Actor George Takei — Cmdr. Sulu from the old “Star Trek” franchise who on Tuesday at Vroman’s Bookstore is releasing “They Called Us Enemy,” a graphic novel based on his family’s experience of being rounded up and shipped off to a detention camp — could not have scheduled a more apropos time to launch his book.
The Los Angeles native said such “camps” were actually prisons that contained lookout towers manned by sentries armed with machine guns. His family’s “detention center” was located in a town in Arkansas, where they were forced to stay for four years.
Much as it was for Takei in his youth, the immediate future for four young children presently growing up in Mississippi is anything but certain. With her father, Andres Gomez-Jorge, taken from her last week by ICE agents, 11-year-old Magdalena, her mom and three younger siblings may not be able to afford to live where they are. If Andres doesn’t come back, and indications are he may not, or if Magdalena’s mom, Juana, doesn’t find work, the little girl’s family may be forced to head to Guatemala, something CNN reports no one in the family really wants to do.
This is one form of family separation. Similar kinds are occurring at the country’s southern border, where children taken from their parents are driven to detention centers, much like the ones used to intern Japanese Americans imprisoned following Imperial Japan’s attack on Pearl Harbor, launching America’s involvement in World War II in 1941.
While Magdalena may be safe for now, hundreds of other children her age and younger are being separated from their parents, some occupying cages set up by the US government.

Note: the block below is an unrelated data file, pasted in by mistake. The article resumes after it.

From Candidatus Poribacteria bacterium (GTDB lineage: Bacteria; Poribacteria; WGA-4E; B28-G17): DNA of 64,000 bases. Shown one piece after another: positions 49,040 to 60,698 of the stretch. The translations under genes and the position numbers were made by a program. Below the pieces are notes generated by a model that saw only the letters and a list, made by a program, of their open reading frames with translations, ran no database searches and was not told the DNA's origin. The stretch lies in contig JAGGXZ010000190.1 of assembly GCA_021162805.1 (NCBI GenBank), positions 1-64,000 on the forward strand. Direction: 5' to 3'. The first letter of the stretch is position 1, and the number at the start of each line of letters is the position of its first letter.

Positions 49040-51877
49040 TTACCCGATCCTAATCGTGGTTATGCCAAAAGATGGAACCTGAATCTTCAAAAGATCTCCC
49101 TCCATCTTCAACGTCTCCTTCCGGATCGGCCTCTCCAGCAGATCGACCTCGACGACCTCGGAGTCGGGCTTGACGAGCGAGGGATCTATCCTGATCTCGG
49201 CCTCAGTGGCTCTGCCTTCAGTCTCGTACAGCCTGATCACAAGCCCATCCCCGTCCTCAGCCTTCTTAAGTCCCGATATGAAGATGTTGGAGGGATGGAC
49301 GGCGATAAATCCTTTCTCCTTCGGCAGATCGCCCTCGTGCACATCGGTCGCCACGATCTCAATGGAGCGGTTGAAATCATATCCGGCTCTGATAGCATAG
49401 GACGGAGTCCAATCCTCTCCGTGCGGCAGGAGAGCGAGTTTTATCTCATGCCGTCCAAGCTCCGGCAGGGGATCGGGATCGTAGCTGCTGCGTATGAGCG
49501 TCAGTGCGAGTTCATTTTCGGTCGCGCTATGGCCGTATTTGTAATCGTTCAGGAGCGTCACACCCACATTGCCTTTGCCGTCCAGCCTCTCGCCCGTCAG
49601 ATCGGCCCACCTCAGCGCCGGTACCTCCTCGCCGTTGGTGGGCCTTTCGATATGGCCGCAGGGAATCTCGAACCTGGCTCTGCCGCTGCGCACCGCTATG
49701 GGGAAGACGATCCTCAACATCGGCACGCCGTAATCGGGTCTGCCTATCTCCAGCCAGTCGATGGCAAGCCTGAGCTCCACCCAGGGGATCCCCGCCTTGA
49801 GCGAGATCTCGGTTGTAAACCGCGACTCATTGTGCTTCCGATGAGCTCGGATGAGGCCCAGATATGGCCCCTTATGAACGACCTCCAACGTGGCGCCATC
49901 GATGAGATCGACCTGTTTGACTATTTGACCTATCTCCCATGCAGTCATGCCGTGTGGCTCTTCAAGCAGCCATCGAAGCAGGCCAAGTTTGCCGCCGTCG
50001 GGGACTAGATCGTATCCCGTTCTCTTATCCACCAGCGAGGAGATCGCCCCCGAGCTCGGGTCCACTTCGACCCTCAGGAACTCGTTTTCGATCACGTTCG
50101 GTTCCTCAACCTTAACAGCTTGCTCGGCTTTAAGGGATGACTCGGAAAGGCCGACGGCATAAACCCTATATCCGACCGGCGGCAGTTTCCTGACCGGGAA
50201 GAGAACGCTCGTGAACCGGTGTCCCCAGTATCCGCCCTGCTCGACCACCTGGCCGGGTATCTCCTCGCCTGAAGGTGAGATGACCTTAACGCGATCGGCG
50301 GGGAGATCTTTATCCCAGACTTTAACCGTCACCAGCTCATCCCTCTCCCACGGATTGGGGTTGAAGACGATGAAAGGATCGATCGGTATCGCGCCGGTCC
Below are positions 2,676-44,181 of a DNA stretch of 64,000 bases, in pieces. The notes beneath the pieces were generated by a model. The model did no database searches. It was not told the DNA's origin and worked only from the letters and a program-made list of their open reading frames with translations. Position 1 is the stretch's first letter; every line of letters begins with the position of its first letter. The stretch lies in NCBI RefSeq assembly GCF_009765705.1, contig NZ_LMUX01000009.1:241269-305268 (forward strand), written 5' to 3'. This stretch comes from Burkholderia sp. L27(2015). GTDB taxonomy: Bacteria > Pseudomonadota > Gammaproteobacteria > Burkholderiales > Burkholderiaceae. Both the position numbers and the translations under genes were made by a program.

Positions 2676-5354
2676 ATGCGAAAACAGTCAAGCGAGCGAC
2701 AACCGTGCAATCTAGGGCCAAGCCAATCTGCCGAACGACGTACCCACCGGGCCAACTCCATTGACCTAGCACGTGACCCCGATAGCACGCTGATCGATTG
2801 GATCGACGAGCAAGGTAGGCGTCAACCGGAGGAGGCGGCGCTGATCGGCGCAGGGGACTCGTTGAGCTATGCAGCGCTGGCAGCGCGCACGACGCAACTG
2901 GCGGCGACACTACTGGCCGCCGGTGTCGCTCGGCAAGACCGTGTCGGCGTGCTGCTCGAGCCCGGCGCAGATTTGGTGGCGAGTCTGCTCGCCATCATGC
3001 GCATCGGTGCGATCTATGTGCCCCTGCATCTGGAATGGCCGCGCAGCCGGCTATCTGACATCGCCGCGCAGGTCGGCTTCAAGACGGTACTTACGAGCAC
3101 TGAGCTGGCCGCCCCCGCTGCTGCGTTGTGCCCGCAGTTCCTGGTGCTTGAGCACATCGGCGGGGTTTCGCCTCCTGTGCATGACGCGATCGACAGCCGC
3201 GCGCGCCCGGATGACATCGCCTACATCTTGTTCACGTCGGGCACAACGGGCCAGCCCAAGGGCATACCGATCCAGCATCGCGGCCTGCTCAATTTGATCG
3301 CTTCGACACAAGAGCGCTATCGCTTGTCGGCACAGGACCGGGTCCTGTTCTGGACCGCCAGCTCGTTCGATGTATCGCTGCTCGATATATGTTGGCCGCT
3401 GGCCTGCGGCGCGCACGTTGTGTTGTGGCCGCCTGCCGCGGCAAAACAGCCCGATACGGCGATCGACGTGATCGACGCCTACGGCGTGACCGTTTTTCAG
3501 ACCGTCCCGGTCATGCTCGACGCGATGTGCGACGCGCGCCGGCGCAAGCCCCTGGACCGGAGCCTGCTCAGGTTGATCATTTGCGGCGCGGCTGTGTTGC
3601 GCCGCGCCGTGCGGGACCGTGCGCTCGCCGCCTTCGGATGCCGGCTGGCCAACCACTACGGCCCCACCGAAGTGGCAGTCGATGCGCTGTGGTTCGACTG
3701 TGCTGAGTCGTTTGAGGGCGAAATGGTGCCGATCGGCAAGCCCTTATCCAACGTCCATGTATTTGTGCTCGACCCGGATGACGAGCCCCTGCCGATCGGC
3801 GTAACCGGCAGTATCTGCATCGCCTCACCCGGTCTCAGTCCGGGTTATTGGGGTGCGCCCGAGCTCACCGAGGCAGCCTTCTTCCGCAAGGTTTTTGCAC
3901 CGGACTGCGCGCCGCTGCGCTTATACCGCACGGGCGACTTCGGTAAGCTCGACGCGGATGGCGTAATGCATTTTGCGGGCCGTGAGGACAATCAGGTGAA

As of Tuesday, CNN reports Magdalena’s father — along with nearly 400 workers at food processing plants in that part of the state — was among those who had not returned home after 680 people were whisked away by federal immigration officials on suspicion of being in the US without proper documentation.
“I feel very powerless. I don’t have a job, only my husband works. I’m thinking, what am I going to do?” Juana, Magdalena’s mother, told CNN. She told reporters that her husband and she came here more than a decade ago. All the kids were born here. Andres, she said, “didn’t come here to rob anybody. He came here to work. It is out of necessity.”
For 82-year-old Takei, who was 5 at the time that he and his family were taken into custody by US troops, the parallels between what’s happening at the southern border in particular and around the country in general and the devastation wrought upon his family and other Japanese Americans are inescapable.
In fact, his hope is to reach young people, his intended audience for the graphic novel, with the lessons learned from his experiences as a youngster in the early 1940s.
“With ‘Enemy,’ my hope is we’re going to get young people to get this information and grow up knowing this story,” Takei said in a recent interview with PW Arts Editor Carl Kozlowski (For more on Carl’s interview with Takei, please see page 10).
“I’m always shocked when I’m in conversation with people I consider well-read, and they’re shocked and can’t believe such a thing happened in the US,” said Takei. “Because we have adults who don’t know this history and this outrage is going on on the southern border, we’ve got to get Americans outraged at this endless cycle of cruelty to minorities.”
Takei is also acting in and consulting on a World Wat II drama about the internment, “The Terror: Infamy,” airing Mondays on AMC.
“I had an infant baby sister, a brother who was 4, and I was 5 when we were locked up because we looked the same as those who bombed. This country vilified us and made the decision we were potential spies, saboteurs and needed to be locked up,” Takei told Carl.
“For us, due process and trials disappeared. I remember when soldiers stomped into our orchard and banged on our front door and literally were ordered out of our home in Los Angeles. My father gave my brother little packages to carry and had big suitcases and my mom came out with my baby sister on one arm, a huge duffel bag in the other and tears streaming down her cheeks. I’ll never forget that memory.”
With all that said, one has to wonder: Have we turned from being a nation of human rights into one of inhumane wrongs?
Magdalena’s mother told reporters this week that she hasn’t slept since her husband was detained.
“I don’t know where he is,” she told CNN. “We don’t know if he’s dead or alive.”